Monday, April 07, 2014

Guttersnipe Bookshelf: Barthelme, 60 Stories

Donald Barthelme, Sixty Stories
Penguin, 1982
introduction by David Gates (2003)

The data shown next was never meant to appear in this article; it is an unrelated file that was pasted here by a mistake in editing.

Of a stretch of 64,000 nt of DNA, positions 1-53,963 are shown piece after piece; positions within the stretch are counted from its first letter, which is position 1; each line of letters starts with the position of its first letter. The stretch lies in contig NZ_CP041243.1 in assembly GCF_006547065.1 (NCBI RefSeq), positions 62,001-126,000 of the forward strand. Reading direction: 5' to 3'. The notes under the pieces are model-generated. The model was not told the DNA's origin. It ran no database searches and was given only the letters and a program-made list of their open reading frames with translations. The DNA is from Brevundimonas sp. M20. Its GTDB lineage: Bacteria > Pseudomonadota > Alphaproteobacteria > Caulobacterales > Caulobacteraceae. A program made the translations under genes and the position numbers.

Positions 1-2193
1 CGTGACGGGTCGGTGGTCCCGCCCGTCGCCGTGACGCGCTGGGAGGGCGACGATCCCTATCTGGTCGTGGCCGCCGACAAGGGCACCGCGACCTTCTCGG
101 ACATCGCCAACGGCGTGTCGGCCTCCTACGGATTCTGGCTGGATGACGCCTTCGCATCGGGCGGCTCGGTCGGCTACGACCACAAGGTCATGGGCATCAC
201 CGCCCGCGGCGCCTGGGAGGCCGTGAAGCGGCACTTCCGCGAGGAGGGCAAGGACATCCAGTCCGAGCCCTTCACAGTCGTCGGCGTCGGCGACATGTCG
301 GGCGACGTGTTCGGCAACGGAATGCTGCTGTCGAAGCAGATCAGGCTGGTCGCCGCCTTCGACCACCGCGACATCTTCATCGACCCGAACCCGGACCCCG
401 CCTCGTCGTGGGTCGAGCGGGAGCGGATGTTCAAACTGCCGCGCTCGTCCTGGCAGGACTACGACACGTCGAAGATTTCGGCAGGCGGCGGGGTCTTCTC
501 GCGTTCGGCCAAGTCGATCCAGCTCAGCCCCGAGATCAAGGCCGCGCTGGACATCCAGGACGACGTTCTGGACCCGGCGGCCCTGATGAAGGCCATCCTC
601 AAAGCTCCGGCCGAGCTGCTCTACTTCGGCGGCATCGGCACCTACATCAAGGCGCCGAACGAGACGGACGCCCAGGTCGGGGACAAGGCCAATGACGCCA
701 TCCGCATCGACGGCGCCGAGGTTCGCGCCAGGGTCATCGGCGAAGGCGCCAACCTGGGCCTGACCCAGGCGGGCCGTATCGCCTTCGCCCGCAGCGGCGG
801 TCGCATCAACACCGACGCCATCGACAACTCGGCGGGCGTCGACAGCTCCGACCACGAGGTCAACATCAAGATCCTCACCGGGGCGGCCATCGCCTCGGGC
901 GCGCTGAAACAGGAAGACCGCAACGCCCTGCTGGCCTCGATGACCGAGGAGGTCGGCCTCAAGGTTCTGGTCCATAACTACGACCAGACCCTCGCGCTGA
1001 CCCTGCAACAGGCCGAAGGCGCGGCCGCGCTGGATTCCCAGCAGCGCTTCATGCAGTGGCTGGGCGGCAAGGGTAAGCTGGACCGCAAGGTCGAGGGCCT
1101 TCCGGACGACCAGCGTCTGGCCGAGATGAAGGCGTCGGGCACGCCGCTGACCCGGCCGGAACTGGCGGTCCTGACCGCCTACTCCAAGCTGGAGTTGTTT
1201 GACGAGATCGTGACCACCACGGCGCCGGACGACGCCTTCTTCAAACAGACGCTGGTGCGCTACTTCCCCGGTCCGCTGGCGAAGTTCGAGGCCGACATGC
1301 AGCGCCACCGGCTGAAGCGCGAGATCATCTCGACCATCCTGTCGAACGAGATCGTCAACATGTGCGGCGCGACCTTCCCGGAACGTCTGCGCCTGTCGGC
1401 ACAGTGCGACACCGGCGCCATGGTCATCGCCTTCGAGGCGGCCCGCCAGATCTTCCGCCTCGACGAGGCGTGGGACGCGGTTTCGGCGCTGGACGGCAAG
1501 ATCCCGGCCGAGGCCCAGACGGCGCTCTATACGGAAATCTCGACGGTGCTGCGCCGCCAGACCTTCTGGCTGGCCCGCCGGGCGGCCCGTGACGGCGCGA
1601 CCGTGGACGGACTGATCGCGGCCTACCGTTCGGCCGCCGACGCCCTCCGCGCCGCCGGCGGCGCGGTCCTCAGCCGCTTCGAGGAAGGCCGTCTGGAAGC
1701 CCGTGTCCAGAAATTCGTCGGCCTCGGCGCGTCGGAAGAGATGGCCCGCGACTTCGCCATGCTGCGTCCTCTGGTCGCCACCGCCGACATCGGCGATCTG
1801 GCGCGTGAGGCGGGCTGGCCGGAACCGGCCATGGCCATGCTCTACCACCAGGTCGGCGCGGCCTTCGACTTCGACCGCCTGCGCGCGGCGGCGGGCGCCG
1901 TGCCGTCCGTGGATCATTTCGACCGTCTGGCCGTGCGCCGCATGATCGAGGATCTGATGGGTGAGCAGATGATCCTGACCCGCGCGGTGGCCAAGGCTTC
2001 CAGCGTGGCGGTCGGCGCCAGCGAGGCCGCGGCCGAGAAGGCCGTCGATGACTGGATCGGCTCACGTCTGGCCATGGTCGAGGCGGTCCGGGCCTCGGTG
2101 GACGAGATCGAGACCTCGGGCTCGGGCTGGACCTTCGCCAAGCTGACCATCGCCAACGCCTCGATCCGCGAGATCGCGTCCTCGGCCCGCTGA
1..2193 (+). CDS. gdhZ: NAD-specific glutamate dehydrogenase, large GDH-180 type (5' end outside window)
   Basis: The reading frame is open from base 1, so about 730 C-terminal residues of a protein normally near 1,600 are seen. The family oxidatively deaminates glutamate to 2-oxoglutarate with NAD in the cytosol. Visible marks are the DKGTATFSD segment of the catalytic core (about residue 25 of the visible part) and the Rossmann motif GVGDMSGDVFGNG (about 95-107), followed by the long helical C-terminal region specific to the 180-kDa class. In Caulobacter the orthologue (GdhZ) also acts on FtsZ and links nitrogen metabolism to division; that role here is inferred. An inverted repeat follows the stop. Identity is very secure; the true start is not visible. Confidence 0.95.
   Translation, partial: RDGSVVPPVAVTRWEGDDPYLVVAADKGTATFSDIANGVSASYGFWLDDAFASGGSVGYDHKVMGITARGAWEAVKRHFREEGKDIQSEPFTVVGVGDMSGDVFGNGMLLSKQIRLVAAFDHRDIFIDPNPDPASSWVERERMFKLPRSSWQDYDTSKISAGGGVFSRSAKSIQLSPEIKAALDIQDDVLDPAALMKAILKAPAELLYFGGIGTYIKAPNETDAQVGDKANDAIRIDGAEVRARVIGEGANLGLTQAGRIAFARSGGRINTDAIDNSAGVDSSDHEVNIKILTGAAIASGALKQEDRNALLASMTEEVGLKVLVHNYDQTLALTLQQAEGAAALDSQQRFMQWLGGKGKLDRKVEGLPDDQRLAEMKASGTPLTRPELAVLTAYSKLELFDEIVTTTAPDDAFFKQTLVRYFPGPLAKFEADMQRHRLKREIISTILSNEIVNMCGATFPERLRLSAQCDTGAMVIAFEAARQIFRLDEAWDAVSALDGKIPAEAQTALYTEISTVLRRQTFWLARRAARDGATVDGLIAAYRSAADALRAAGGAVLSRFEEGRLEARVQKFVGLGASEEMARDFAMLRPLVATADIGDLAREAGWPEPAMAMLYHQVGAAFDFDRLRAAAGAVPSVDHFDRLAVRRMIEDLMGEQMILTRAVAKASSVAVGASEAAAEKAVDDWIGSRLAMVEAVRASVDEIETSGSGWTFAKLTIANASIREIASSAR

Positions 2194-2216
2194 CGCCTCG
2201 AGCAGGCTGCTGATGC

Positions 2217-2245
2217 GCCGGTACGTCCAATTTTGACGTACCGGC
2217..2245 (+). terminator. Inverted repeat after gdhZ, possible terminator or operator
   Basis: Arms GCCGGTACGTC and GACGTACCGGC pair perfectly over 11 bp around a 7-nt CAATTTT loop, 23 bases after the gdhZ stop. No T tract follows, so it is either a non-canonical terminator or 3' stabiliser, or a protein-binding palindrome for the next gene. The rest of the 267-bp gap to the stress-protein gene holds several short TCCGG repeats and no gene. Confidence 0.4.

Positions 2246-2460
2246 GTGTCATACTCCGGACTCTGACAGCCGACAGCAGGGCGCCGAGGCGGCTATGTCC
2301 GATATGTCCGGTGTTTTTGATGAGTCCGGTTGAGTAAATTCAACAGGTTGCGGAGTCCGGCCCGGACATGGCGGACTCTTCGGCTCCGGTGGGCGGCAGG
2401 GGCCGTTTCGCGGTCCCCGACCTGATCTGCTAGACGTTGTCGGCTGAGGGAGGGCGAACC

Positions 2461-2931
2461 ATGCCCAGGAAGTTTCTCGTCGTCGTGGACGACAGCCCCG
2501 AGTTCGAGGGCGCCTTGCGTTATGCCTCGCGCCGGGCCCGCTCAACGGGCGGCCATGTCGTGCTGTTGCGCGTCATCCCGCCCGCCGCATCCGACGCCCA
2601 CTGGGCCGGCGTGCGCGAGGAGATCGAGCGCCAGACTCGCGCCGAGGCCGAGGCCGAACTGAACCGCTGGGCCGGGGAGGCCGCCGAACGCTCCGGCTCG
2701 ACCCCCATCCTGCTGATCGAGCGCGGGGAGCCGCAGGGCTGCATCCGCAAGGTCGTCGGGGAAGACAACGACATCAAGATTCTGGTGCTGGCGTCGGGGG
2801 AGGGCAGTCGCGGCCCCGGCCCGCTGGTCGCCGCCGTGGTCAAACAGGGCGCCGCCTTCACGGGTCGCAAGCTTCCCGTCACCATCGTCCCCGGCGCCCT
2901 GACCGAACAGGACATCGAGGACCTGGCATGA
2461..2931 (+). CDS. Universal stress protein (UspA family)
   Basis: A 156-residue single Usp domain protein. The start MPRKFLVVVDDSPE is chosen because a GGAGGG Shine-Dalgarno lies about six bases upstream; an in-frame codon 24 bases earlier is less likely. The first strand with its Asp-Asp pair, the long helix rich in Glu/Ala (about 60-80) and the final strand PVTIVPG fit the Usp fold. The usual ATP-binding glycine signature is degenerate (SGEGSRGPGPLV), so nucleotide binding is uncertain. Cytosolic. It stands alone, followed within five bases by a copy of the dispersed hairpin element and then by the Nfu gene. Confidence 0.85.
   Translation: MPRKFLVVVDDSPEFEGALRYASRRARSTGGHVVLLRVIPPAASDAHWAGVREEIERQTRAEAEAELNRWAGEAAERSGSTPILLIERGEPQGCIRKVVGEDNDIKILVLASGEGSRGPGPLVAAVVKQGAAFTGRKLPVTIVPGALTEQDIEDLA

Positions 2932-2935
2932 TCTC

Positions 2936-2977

When I was 20 I tried to read Nabokov, and couldn’t, and knew it was my problem, not his. When I was 25 I could read Nabokov. I couldn’t read Barthelme until I was 40. (There are real benefits, it turns out, to not dying young.) Maybe it helped that I had read Beckett, Lispector, Lydia Davis in the meantime. Probably it helped even more that I had suffered serious disappointments and intermittently drank too much. I had finally arrived on the wave-length. New to Barthelme? Read this one first. I’ve heard a few people say that Forty Stories is easier. I don’t see the truth in that. Some stories will grab you instantly, others will seem incomprehensible or opaque. (My favorites; “Me and Miss Mandible”, “City Life”, “A Manual for Sons”, above all: “At the End of the Mechanical Age”.) If you get stuck, bounce around. Read the stories out of sequence. Open the book at random and read sentences like fortunes: “There are twenty-two kinds of fathers, of which only nineteen are important.”

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